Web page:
Women began to have a greater influence and role in the development of the larger society. Kava, pg. This is not to say that the "traditional" importance of women remaining in the domestic sphere was abolished, it certainly was not. Soldiers "needed" a place to come "home" to, something to be sustained; it was the women's job to still create this while trying to expand their roles in society. Williamson excludes socially defined feminine issues from the topics of her journal, instead choosing to talk solely about the daily events of war in the personal forum using a temporal manner.

This creates the feeling that the progression of time will not make new hopeful possibilities, clarifying that motherhood is not a prospect of the future she is looking forward to or planning for in the way we saw in The Coquette by Hannah W. She rejects the period's socialized obligation of motherhood, as well as the previous eras coquettish ideas. Yet, she complies to another form of obligation; that which is being read by the reader.

The reader reads her alternative form of female obligation, that of recording of history for her "rebel brothers. The same deceptiveness she describes the General having in the diary. The General Paine referred to by Williamson as Old Payne, Our king, his lordship, Tempest, and old hurricane; stole locals furniture for his own usage. Eleazar Williamson reference to this is: His lordship left Tuesday. Wednesday three wagons loaded with furniture came over.

I do not pretend to say that he sent them. I indeed, I would not. I would not slander our king. Any old citizen can see by going to his Payne's palace that his furniture was not taken from Archie Miller's house and other places near by. He always goes for the rebels but invariably brings furniture. In this passage Williamson describes personal belongings getting into someone else's hands, she displays a familial like obligation to protect Paine, while deceiving others. Is this perhaps what we the reader are doing, obtaining something personal, questioning our alliances and deceiving others?

The meaning of Alice Williamson's diary could be described as an example of the changing roles women's during the Civil War Kava, Boatwright, Davidson, Gwin represented by what is often seen as the pulse of a culture, its youth Fox, , relayed first hand. But that is only half the story. The importance of reading a text as an experience is as crucial to the text as the subject. Clearly, we each come to the reading experience with our own personal baggage. The perception of a diary and femininity for each individual and time period is different.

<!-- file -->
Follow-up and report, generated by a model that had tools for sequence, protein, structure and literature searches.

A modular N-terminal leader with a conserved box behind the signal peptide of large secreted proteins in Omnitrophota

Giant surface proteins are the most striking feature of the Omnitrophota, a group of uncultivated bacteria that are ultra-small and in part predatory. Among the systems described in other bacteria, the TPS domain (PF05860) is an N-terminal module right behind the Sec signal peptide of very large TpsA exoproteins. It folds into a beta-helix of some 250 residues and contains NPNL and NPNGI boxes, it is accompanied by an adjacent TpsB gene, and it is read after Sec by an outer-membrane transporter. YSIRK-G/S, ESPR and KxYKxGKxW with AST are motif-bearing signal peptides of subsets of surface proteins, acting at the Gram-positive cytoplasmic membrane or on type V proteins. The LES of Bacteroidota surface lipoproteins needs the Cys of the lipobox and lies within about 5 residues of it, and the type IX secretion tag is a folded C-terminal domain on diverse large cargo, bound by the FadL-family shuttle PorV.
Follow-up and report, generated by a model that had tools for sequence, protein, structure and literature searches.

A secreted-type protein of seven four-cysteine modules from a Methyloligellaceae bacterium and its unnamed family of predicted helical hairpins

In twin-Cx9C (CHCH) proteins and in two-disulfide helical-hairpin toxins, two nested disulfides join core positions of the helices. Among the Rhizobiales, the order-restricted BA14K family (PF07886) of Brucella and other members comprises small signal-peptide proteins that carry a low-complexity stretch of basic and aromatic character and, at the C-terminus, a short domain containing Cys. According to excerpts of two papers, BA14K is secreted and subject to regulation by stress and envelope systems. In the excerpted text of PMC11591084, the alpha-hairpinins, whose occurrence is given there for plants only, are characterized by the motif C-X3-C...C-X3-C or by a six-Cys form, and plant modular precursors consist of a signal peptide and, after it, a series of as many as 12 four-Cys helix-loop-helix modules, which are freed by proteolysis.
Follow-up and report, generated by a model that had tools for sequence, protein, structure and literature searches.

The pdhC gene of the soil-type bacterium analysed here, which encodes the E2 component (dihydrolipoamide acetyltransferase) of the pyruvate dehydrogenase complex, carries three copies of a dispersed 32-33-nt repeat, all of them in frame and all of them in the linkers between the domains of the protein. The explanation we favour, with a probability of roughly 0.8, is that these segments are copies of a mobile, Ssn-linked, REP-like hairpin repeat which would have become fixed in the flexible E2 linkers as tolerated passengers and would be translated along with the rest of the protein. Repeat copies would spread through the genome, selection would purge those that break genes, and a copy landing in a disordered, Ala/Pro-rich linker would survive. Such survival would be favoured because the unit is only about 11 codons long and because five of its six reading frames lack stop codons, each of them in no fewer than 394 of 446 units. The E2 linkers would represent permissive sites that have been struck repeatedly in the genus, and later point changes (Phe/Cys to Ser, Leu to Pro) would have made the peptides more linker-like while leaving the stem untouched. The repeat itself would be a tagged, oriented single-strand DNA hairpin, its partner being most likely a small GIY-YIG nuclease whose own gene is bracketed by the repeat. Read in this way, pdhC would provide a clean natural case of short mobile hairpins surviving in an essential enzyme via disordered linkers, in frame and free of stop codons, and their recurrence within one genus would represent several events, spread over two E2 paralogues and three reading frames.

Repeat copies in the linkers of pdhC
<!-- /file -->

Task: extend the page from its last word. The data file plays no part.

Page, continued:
The form one writes in affects the reader's perception of the text and the message. The perception of time creates as much meaning as the text itself. The method of discussion can be healing form of elegy in a time of pain. Acknowledgment of one's audience creates history in a public manner serving to either include or exclude, heightening the readers awareness of their own interaction with the text.

Bibliography Arnold, Laura. The Coquette," Portland: Reed College, Boatwright, Eleanor M. Status of Women in Georgia, Carlson Publishing, Davidson, Cathy N. Revolution and the WORD: Rise of The Novel in America.

New York: Oxford University Press, Eleazar Arthur Paine. Sumner County Historical Society, East, Charles. University of Georgia Press, Fox, Richard W. A Companion To American Thought. Blackwell Publishers, Gwin, Minrose ed. A Woman's Civil War: A Diary, with Reminiscences of the War from March The University of Wisconsin Press, Kava, Beth M. We, The American Women: A Documentary History.

Washington Park in Mexia. This was especially true in the s, Turner explains, with the Consumer Age infiltrating black society with advertisements for fancier Juneteenth getups and more elaborate displays of pomp and circumstance. Actually, it occurred at the tail end of the movement, two months after its most prominent leader had been shot down.

As is well-known, Martin Luther King Jr. Following his assassination, it was left to others to carry out the plan, among them his best friend, the Rev. Ralph Abernathy, and his widow, Coretta Scott King. As William H. Wiggins Jr. It was, in effect, another great black migration. Who Was Plessy. Leading the charge was Rep.

As a concession to Lost Cause devotees, Texas reaffirmed its commitment to observing Jan. Since then, 41 other states and the District of Columbia have recognized Juneteenth as a state holiday or holiday observance, including Rhode Island earlier this year.

Every year we must remind successive generations that this event triggered a series of events that one by one defines the challenges and responsibilities of successive generations. Ronald Meyers, is committed to making Juneteenth a federal holiday on a par with Flag and Patriot days. They are not calling for Juneteenth to be a paid government holiday, like Columbus Day. These days, Juneteenth is an opportunity not only to celebrate but also to speak out. Today it is estimated as many as 27 million people around the world are victims of modern slavery.

Capitol Visitor Center, thanks to the work of D. Eleanor Holmes Norton. Douglass will join three other African Americans in the hall: No doubt Douglass would be surprised to learn that such an honor had not been scheduled for Jan. But I have come to see the beauty in its unexpected past and persistence. Besides, June 19 is generally a more comfortable day for outdoor family fun — for fine jazz music and barbecue — than Jan.